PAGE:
2. Materials and Methods

2.1. Experimental Design

A priori, the DASH Study [20] and MED Study [21] assessed effects of consuming HEPs containing varying amounts of lean minimally processed red meat on CVD risk factors. The crossover experimental design allows for novel investigation of chronological effects of HEP cycling, rather than randomized treatment effects of red meat consumption, on CVD disease risk factors. Therefore, the amounts of lean unprocessed red meat consumed were randomly distributed between HEP intervention 1 and HEP intervention 2. In the DASH Study [20], 19 participants were randomly assigned to consume a DASH Pattern with 55% of total protein as pork tenderloin or lean chicken/fish for six weeks. Participants then consumed their unrestricted self-selected eating pattern during a four-week washout period and consumed the alternative DASH Pattern for another six weeks. In the MED Study [21], 41 participants were randomly assigned to consume a MED Pattern with either 200 g or 500 g of beef/pork tenderloin for five weeks, consumed their unrestricted self-selected eating pattern for four weeks, and then consumed the alternative MED Pattern for another five weeks. Cardiovascular disease risk factors were measured at baseline 1 and 2 (while participants were consuming their unrestricted self-selected eating pattern) and during the last week of each HEP intervention (post 1 and 2); see Figure 1.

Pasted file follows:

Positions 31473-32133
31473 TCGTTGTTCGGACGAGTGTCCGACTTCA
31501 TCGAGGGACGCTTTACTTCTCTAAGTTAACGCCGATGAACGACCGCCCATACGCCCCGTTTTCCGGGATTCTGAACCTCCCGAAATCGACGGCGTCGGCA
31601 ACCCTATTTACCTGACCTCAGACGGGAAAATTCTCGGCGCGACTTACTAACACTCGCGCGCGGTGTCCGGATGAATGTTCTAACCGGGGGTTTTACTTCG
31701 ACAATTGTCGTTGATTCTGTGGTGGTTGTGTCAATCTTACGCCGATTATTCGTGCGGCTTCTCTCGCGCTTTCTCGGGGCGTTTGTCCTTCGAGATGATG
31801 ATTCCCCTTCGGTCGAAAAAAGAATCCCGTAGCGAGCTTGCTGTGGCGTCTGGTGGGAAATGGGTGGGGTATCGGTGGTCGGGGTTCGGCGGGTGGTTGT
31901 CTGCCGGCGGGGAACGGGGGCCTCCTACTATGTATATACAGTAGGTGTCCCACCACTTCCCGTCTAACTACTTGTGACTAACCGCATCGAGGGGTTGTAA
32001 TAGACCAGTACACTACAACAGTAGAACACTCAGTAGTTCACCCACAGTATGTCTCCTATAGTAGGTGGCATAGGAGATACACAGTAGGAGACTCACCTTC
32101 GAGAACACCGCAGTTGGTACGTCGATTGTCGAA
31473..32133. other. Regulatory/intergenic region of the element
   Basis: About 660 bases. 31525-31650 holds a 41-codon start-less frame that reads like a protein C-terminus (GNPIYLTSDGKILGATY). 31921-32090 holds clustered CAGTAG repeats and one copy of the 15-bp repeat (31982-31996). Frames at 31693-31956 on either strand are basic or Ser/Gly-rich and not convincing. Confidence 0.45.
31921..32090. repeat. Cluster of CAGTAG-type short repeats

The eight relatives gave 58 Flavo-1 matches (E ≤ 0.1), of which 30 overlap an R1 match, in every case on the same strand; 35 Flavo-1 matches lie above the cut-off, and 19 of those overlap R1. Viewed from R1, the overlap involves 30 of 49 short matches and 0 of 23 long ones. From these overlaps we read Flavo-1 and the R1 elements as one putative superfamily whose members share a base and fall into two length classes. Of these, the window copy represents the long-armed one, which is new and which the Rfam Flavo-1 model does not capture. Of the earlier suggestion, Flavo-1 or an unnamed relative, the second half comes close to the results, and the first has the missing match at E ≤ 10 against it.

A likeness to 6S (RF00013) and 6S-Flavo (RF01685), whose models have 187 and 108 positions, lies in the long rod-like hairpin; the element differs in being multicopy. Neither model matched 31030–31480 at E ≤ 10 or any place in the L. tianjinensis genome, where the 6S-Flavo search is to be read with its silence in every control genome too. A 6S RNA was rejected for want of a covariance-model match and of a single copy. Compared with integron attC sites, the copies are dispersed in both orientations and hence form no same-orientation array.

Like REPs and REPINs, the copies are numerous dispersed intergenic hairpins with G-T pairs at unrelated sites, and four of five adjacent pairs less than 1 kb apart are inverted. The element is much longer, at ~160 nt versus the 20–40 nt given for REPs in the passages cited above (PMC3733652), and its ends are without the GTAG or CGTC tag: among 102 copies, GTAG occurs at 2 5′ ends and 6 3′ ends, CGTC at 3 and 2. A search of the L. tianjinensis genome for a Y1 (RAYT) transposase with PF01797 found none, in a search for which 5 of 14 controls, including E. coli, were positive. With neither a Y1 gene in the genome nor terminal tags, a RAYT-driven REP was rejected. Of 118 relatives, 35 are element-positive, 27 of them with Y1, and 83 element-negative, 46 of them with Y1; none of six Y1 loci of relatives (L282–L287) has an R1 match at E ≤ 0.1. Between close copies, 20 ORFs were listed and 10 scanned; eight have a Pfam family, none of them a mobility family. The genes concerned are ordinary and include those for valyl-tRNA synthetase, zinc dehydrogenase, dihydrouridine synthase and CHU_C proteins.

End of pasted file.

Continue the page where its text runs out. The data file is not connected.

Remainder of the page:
2.2. Ethics